Sunday, November 27, 2005

The First (Unpublished) Federal Decision on Abortion

Here's a speech by one of Judge Friendly's clerks, Judge Randolph of the DC Circuit. For the first time he makes public an unpublished opinion (the law was changed so the question was mooted before the decision could be published) by the eminent Judge Friendly. Essentially Friendly responded to the argument that the Constitution protected a right to privacy by pointing out that the theory that people should be allowed to whatever they want in the absence of harm to others (a Millsian concept) is not a constitutional principle and even if it was, the rights of the fetus should be taken into account. Roe, of course, ruled just the opposite.

Even the snippets we have in the speech far exceed the polemics of Roe. Roe is one of the worst decisions of the 20th century, not just because it reached an unconscionable result from a separation of powers perspective, but also because it extended an already contrived constitutional principle to even more absurd grounds without even explaining how the principle properly applies. How does abortion fall within a right of privacy? What about having an abortion is private? The decision? Well, would the action of running around naked in the street fall within this right because the decision to do so was private? And it's not enough that the state has a right to ban nude walking for other reasons. In the absence of those reasons would walking around naked be a private act? I can't imagine anything more public.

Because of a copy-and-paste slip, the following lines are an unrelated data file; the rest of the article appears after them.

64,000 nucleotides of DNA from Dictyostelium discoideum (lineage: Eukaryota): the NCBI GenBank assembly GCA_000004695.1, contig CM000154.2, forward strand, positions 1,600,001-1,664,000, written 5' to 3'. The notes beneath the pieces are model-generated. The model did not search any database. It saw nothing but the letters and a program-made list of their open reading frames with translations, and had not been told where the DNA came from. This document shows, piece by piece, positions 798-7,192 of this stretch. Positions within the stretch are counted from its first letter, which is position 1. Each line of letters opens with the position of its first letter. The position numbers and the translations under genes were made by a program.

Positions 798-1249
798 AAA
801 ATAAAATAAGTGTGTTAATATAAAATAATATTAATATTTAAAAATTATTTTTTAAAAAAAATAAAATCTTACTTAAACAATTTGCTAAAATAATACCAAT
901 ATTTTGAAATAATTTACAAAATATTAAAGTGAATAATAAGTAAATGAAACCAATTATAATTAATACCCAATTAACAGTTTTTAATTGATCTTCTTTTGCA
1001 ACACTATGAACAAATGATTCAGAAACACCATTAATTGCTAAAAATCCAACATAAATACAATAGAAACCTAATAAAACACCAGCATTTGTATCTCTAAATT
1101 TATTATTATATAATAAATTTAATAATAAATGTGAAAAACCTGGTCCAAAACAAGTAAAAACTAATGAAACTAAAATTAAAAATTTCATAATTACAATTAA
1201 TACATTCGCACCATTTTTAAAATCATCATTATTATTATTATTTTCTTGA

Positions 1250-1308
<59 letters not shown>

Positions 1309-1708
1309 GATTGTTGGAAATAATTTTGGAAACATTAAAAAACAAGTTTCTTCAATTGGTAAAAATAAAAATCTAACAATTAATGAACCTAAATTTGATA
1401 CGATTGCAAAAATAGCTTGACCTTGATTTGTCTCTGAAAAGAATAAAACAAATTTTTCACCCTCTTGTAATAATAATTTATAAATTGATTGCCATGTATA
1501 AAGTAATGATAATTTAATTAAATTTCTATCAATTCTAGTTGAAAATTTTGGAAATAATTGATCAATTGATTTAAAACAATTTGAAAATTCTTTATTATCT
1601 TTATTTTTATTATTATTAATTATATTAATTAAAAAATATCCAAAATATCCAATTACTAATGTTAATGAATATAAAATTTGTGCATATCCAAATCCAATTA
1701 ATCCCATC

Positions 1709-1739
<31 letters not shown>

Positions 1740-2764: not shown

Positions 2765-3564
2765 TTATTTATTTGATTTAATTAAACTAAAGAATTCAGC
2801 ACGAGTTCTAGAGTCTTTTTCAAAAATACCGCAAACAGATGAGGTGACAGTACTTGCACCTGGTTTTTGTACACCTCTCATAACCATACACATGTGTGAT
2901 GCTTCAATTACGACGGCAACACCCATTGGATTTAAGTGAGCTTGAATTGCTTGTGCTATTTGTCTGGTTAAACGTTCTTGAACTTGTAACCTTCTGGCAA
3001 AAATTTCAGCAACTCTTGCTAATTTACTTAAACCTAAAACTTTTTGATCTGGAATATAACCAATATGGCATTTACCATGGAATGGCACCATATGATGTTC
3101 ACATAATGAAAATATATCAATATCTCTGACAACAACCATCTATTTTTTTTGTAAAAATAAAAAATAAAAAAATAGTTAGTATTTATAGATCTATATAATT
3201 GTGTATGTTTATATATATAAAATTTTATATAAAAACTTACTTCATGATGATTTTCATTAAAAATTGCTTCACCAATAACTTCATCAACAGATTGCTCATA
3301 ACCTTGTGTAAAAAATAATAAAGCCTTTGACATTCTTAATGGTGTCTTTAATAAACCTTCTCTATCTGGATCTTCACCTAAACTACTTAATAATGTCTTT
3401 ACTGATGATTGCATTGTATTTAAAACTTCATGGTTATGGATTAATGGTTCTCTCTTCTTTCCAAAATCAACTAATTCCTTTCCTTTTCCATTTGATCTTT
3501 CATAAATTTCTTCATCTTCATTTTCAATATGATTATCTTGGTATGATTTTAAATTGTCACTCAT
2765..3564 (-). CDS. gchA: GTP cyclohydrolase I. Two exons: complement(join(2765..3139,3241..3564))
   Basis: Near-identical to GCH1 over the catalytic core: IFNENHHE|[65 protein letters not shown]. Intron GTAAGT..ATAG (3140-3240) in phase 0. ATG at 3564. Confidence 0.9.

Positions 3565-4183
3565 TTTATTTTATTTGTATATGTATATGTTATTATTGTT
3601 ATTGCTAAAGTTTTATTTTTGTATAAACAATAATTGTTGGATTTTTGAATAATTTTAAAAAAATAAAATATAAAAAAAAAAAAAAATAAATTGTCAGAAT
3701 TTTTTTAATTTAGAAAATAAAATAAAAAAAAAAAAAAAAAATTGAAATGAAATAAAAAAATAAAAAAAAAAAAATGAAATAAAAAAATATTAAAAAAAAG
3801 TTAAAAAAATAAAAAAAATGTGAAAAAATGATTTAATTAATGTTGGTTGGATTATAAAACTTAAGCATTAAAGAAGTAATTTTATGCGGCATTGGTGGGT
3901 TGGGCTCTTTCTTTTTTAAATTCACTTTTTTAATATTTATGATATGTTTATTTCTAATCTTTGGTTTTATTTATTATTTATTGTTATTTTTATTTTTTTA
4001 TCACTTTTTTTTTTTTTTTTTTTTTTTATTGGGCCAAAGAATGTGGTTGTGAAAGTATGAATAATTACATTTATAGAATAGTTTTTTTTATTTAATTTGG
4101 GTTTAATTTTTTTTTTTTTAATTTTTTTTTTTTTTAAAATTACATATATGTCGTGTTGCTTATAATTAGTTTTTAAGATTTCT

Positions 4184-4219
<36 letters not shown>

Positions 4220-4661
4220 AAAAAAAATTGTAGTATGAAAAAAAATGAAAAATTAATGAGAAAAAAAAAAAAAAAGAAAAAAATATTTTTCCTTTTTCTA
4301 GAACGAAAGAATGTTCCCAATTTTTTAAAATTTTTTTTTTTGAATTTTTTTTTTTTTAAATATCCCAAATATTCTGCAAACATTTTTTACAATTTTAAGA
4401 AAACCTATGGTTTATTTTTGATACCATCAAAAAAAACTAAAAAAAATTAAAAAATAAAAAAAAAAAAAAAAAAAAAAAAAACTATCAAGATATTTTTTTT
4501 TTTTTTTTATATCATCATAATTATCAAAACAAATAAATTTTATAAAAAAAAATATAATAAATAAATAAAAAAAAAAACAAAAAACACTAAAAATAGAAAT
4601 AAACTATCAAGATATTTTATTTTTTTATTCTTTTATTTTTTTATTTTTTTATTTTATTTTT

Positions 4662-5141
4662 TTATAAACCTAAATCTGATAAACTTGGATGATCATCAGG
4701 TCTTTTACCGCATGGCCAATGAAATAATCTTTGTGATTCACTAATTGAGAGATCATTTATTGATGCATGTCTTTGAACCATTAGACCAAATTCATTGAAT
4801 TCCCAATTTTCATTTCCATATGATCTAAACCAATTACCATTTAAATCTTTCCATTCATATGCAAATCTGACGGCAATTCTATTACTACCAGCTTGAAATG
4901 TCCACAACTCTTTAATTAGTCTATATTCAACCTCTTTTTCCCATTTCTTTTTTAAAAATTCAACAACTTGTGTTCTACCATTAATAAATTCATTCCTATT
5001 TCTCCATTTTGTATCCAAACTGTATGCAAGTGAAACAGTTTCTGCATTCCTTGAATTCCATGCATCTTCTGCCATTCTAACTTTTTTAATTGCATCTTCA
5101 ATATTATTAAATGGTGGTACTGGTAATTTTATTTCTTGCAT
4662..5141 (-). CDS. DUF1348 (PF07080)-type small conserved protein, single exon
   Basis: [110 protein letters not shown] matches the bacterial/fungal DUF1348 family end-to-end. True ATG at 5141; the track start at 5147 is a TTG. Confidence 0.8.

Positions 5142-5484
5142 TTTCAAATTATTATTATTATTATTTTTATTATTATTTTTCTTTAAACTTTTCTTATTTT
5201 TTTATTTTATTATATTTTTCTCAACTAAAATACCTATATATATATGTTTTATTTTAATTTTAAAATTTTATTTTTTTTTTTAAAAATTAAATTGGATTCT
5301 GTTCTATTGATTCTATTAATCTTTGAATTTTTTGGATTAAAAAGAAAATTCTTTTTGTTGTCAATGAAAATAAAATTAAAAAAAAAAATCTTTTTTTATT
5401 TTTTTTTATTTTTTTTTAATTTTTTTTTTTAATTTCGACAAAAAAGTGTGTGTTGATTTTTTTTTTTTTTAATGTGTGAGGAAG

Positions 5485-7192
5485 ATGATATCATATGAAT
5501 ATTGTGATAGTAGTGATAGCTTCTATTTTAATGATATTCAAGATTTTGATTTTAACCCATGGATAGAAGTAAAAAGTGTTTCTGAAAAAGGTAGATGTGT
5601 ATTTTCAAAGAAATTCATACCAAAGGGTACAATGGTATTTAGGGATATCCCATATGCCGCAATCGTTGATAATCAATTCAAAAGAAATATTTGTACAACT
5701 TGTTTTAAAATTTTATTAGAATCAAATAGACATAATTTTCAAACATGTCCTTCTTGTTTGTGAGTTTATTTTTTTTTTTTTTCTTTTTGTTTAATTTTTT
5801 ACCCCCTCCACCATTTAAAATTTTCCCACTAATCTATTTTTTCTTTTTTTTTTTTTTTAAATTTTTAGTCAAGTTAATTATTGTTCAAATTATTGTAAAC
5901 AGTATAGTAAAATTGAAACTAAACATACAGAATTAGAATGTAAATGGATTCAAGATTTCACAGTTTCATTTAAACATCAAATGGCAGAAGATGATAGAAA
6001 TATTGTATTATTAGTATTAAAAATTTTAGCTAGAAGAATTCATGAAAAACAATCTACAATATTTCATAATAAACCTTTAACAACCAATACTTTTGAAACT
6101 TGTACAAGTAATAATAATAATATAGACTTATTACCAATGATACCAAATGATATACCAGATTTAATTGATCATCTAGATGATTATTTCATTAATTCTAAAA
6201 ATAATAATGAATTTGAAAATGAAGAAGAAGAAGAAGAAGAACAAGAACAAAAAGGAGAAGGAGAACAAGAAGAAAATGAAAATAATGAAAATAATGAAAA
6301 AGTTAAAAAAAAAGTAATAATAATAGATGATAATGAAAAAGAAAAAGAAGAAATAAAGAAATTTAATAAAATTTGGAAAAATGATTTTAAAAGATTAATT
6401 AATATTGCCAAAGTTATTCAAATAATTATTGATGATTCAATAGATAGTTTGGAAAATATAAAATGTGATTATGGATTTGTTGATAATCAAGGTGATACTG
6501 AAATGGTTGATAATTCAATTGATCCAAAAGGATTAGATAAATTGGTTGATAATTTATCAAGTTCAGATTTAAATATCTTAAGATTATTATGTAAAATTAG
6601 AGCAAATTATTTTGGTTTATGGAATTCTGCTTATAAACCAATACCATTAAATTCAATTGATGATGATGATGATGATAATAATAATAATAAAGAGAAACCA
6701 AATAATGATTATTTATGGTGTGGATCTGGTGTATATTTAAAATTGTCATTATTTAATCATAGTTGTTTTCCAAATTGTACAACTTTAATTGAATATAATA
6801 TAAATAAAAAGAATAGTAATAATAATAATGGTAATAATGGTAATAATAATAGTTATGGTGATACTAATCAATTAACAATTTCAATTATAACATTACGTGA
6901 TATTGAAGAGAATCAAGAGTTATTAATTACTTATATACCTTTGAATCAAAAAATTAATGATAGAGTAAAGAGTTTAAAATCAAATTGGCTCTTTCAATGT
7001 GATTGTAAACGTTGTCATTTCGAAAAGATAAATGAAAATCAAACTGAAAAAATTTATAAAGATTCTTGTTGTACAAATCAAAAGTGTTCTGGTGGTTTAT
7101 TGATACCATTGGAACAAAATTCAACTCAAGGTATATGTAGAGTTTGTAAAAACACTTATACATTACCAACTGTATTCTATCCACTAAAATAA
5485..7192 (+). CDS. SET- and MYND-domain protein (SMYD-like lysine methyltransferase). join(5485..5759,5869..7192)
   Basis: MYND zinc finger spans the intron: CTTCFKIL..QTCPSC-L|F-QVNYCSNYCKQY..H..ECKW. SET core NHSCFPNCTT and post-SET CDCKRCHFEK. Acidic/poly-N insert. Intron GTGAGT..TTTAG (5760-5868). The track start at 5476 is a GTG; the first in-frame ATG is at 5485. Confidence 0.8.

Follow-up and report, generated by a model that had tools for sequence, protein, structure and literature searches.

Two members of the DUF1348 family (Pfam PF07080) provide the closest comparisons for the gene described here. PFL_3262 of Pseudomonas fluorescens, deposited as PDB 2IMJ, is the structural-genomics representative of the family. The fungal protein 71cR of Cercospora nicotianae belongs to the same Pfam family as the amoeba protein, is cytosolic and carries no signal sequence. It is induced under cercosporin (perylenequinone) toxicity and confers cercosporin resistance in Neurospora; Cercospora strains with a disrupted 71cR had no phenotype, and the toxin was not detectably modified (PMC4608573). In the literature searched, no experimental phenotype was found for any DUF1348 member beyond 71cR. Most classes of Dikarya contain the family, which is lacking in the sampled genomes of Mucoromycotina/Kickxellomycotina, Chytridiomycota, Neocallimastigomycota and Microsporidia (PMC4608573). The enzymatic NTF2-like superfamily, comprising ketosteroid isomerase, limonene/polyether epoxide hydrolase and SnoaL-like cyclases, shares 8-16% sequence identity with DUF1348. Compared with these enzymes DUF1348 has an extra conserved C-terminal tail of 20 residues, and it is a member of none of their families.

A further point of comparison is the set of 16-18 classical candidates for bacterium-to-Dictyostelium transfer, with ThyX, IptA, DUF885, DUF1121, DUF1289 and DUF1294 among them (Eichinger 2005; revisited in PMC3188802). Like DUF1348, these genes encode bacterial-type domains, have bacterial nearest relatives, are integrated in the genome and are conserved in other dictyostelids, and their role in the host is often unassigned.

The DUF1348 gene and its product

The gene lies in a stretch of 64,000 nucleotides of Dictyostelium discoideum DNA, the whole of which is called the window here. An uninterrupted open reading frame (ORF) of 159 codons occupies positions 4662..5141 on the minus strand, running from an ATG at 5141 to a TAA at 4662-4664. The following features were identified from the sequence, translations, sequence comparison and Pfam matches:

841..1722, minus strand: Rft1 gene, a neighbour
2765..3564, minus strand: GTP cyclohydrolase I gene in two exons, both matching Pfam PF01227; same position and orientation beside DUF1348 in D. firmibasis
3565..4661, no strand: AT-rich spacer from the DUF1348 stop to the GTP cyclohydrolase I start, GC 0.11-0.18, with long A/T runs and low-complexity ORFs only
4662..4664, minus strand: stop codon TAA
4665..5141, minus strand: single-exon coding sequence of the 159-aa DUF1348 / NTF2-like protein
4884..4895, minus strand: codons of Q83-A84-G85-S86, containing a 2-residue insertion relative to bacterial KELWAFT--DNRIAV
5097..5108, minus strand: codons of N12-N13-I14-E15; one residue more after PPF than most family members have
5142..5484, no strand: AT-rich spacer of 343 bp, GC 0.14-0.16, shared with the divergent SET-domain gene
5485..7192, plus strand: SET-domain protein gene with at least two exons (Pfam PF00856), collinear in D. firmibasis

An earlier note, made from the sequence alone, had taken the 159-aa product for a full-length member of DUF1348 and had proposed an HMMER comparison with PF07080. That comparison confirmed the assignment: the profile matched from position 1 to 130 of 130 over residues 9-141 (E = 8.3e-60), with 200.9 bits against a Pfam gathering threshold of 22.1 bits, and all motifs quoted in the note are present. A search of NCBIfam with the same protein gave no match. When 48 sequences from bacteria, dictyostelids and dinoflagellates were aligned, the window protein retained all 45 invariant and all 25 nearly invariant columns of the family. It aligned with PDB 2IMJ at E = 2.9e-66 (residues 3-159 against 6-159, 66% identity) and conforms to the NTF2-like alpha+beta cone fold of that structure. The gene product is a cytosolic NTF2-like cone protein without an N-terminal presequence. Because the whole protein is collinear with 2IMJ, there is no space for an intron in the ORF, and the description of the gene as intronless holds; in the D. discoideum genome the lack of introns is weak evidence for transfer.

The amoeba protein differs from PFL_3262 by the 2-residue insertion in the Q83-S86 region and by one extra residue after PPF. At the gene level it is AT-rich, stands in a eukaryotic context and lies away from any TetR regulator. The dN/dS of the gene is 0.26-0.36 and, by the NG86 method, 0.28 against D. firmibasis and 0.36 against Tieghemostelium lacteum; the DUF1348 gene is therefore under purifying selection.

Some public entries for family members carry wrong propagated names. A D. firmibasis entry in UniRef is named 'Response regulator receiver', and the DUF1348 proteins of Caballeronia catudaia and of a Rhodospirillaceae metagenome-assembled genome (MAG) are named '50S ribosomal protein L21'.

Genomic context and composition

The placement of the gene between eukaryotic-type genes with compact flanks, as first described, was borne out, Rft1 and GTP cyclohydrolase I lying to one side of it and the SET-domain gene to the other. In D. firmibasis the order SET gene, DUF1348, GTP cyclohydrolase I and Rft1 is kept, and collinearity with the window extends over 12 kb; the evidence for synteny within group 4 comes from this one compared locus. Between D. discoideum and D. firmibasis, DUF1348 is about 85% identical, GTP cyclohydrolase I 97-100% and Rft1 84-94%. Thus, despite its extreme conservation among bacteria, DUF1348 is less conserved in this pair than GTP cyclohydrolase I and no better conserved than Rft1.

Roe led to decisions like Lawrence, which opened the door for all types of judicial intrusions into the domain of the legislature on the ground of protecting "privacy" or "liberty." Goodridge, the decision of the Supreme Judicial Court of Mass. that required the state to recognize same-sex marriage, was only possible because of Roe and its offspring. While liberals complain that Roe must be upheld or society will crumble, I believe it's the duty of the Supreme Court to overturn it, if just because it's a poor decision.

No comments: